By Nathan Kamal | 2 minutes ago
Tom Cruise was recently described as “irrelevant” by none other than the star war pigs himself, Mickey Rourke. While Cruise recently received an honorable Palme d’Or, one of the highest awards in cinema, and had the biggest single commercial success of his highly commercially successful career Top Gun: Maverick, Mickey Rourke spoke more about his tendency to play the same kind of stoic action heroes in his films after the 1990s. He’s a bit right, but there was a time when Tom Cruise actually took risks. Sometimes those risks didn’t pay off, at least with critics, which could be one reason he stopped taking them. The worst culprit is the 1988 film cocktail, who has the lowest Rotten Tomatoes score of Tom Cruise’s career. It is also currently streaming on Paramount+.
Tom Cruise stars cocktail as Brian Flanagan, an eager young go-getter fresh out of the army. He meets up with his Uncle Pat (legendarily gruff character actor Ron Dean), where he’s told that the key to success is to ruthlessly outperform and outperform everyone around him. What follows is a montage of failed job interviews in which seemingly every stockbroker in New York City tells Tom Cruise that an enthusiastic attitude doesn’t equal experience, college degree, or connections. After failing to break into the world of high finance, he seeks a job as a bartender at a TGI Friday’s with Doug Coughlin (Bryan Brown) as his mentor.
Watch after cocktail in 2022, contextualization requires that TGI Friday’s, before it was famous for its potato skins and Philly cheesesteak burgers, was the original singles cocktail bar. There’s no escaping it, a huge part of the storyline cocktail Tom Cruise gets laid as a bartender at a bar whose main purpose is to get laid. While Tom Cruise masters the art of flair bartending and dances very badly to The Fabulous Thunderbirds, Tom Cruise sleeps with Gina Gershon until she sleeps with Doug too. After a bitter dissolution of their partnership as a slingshot, Tom Cruise moves to Jamaica and bartends on the beach.
There he meets Elisabeth Shue and the plot of cocktail accelerated suddenly. They have a romance (including waterfall sex) that falls apart when he sleeps with an older, wealthy woman. Doug reappears, now married to an heiress, and then commits suicide. Elisabeth Shue turns out to be pregnant and Tom Cruise gets into a fight with her wealthy father because literally everyone in the film is wealthy at some point, except for Tom Cruise. They end up together, he opens his own bar (which shares the same logo as the film) and it turns out they’re having twins, which for some reason is treated like a big twist.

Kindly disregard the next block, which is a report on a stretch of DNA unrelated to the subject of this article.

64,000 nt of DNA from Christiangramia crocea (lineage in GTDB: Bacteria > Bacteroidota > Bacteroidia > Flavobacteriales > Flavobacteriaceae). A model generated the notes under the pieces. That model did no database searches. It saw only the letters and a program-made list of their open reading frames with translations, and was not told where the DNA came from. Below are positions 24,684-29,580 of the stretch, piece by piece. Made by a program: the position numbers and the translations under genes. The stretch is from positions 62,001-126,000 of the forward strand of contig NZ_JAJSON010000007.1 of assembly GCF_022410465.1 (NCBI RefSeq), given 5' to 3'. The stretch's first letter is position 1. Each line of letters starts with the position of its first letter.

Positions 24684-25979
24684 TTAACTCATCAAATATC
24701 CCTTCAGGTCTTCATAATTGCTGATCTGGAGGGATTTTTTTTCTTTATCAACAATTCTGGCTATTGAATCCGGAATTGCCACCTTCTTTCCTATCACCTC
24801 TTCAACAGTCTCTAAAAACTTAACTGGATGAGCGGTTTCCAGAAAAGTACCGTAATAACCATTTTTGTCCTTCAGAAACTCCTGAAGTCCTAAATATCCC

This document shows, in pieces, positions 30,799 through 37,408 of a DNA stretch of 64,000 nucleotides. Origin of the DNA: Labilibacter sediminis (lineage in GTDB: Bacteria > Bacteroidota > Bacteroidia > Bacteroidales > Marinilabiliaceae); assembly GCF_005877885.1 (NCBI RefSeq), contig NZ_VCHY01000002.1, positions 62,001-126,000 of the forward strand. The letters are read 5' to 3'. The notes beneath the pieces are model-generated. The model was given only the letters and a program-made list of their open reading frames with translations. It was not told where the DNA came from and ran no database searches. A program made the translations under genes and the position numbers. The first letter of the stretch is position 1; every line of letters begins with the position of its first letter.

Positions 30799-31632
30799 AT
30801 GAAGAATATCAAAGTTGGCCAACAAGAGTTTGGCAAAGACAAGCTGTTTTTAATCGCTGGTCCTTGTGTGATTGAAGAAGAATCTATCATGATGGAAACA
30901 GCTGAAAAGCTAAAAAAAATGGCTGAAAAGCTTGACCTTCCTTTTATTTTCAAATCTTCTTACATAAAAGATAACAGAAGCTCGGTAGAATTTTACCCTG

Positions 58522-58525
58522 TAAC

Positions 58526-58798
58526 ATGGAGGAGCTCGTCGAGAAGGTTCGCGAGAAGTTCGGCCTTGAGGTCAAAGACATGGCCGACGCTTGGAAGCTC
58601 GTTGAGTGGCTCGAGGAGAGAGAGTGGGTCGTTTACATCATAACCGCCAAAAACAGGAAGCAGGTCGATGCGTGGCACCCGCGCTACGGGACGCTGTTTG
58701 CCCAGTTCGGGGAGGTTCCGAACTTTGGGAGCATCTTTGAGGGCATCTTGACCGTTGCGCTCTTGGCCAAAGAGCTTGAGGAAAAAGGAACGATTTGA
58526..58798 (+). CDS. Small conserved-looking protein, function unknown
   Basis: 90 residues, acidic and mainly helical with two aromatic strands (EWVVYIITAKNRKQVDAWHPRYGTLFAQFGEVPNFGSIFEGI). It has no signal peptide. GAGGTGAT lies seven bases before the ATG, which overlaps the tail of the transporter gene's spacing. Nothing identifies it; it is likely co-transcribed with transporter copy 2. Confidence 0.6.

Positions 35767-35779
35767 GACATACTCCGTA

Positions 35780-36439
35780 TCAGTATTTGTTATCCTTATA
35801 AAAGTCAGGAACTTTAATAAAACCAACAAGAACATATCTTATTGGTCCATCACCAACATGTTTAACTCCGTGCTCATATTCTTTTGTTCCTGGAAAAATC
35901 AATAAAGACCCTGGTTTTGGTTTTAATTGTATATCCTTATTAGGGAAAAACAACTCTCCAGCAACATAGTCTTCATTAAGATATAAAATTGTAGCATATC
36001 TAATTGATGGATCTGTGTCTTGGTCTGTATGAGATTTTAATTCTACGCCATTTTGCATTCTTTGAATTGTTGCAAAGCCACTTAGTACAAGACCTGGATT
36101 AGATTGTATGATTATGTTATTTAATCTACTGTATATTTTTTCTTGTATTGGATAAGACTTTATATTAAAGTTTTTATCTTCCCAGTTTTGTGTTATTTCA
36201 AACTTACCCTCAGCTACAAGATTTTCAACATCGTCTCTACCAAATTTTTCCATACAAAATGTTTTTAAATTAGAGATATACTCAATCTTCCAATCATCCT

cocktail was written by Heywood Gould (who also wrote the cult films of the 1970s rolling thunder and The boys from Brazil), based in part on his own life as a bartender. TGI Friday founder Alan Stillman has consistently claimed that he was the inspiration for Tom Cruise’s ruthless, thoughtless, and consistently aimless character, which may not be the boast he thinks it is. At least cocktail is now an interesting artifact of the 1980s when singles bars were still new and exciting, not getting a high-level managerial job straight away with no experience is treated as some kind of injustice, and a decent portion of the film is set in Jamaica with no single person of color as a character.
By the time cocktail was released, Tom Cruise already had A risky venture, The color of moneyand top gun under his belt. Despite it, cocktail kind of feels like an entry film for Cruise. While Brian Flanagan has some of that famous Maverick cockiness, it’s presented more as a thin facade for an insecure person to hide, rather than a testament to his unerring skill and talent. The film ends with Tom Cruise opening a humble bar and seemingly happy being a family man, an oddly reticent conclusion to his quest for money and power. Although he was attacked by critics, cocktail was ridiculously successful; it beat top gun‘s opening box office numbers and eventually grossed $171 million, a colossal sum in 1988. However, it has been largely forgotten except as a reference for flair bartending top gun has become a cultural touchstone. Even the slickest bartender can’t compete with Danger Zone.